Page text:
Another big day on the mountain, for a small and fledgling newbie snowboarder to keep tackling the terrain. Today was a very white day: it was snowing all day — not just on the mountain, but also in Catedral's alpine village; and even back in town as well, in Bariloche! Snow is fine by me, of course — unlike rain, it doesn't make you wet, and it makes the ground-cover better rather than worse (plus it looks beautiful when it's falling) — although a post-snowfall clear blue day is certainly better. I kept practising, kept venturing further up the chairlifts (and back down the slopes), and kept stacking it every five seconds. But hey, still getting there, little by little.
Went back to Catedral today, after yesterday's debut, for my second ever day of snowboarding. Sadly, the weather was not very good today: it was raining in the village and on the snow all day, and I got soaked through by the freezing-cold precipitation; so much so, that I had to return to Bariloche at the early hour of 3pm, in order to get myself warm and dry, and to avoid catching pneumonia or something. But anyway, I managed to get myself another lesson, and I got in a fair bit more snowboarding practice. So it was a wet day, but a day of progress nonetheless.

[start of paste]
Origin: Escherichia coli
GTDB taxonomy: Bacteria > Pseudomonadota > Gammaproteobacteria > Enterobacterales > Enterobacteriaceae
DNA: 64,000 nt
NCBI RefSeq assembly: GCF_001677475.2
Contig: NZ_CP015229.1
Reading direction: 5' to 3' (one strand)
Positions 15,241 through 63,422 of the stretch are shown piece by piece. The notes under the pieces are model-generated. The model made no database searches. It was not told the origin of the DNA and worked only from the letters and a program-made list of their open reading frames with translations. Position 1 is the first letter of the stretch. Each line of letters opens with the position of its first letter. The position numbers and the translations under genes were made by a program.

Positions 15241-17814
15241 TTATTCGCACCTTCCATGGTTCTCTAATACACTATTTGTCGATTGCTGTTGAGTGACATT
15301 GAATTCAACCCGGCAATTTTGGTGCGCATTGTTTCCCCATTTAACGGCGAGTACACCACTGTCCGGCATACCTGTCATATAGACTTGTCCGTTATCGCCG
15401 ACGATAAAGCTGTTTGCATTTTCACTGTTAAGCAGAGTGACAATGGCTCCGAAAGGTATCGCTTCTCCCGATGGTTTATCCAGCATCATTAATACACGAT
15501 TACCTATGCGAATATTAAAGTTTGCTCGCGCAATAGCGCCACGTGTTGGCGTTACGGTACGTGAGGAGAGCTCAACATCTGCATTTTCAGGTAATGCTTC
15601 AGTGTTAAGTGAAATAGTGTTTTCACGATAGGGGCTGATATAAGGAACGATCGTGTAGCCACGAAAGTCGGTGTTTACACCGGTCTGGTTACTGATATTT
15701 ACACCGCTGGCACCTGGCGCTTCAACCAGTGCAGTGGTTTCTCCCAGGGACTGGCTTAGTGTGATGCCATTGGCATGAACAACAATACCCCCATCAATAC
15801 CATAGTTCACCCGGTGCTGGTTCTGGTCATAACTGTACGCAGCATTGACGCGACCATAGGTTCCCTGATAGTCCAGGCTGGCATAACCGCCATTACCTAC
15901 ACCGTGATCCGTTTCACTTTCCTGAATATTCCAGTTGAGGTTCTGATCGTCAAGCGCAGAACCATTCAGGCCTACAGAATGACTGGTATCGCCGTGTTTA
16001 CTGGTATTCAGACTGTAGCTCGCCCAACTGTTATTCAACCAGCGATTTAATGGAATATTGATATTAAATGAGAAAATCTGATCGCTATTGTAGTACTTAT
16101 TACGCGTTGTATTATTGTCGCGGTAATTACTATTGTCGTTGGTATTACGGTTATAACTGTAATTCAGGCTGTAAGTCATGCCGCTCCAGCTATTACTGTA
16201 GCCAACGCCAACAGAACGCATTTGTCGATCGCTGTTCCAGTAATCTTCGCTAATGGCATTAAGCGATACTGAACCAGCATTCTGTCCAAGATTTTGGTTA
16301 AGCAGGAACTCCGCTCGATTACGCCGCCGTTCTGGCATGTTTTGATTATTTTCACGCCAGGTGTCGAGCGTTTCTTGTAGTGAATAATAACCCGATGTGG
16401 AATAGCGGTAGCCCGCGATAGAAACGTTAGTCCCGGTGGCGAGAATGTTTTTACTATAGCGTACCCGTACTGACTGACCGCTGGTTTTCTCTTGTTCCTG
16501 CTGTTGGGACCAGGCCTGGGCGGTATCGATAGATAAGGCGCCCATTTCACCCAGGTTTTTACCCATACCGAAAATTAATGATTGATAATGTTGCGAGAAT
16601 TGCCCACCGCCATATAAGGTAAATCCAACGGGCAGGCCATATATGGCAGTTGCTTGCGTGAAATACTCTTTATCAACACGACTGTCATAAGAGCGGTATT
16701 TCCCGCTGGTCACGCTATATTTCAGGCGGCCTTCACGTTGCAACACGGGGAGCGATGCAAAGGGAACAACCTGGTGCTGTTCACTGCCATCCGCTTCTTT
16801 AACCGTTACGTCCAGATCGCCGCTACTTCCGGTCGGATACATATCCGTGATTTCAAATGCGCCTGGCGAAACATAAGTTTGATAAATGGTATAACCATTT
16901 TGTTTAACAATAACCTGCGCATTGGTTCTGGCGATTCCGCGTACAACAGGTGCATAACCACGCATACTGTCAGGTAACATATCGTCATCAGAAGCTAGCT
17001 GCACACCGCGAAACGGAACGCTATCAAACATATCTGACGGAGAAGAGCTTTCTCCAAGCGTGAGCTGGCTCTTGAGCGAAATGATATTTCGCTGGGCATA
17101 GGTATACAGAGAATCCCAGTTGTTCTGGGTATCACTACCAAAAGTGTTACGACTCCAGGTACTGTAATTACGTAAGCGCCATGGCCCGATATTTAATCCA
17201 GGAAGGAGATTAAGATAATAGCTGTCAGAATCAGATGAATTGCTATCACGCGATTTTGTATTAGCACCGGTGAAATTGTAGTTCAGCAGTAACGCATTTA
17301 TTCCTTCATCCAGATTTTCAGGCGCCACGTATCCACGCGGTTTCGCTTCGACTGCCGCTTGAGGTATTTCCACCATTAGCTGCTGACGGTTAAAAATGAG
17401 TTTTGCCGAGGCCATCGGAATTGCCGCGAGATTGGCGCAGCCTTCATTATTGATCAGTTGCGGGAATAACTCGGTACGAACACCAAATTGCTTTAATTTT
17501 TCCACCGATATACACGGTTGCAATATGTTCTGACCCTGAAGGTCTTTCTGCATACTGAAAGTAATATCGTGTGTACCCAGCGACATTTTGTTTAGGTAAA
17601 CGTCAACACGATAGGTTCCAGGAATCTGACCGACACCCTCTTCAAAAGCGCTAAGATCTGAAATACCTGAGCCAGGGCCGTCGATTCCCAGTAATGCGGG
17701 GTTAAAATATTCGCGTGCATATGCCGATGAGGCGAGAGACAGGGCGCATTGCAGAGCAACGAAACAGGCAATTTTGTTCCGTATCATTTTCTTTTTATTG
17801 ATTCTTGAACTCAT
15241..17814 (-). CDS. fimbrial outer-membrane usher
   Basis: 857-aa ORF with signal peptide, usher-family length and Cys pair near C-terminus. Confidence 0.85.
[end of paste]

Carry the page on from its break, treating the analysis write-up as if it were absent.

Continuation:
I already heard that Cerro Catedral is one of the first ski resorts in the world to have implemented an electronic lift pass system. Today, in my first day of snowboarding on the mountain, I saw the new system myself, and it is very cool indeed. Every lift has a little scanner at the front of its queue; and you just stick your ticket in the scanner, and hold it there for half a second; and then the machine beeps, and the turnstiles open for you. Much more funky and efficient than ye 'ol punch-a-hole-in-me tickets, which need to be checked manually (or not) by lifties, and which need to be visible at all times. Catedral has a nice new hi-tech system on their mountain.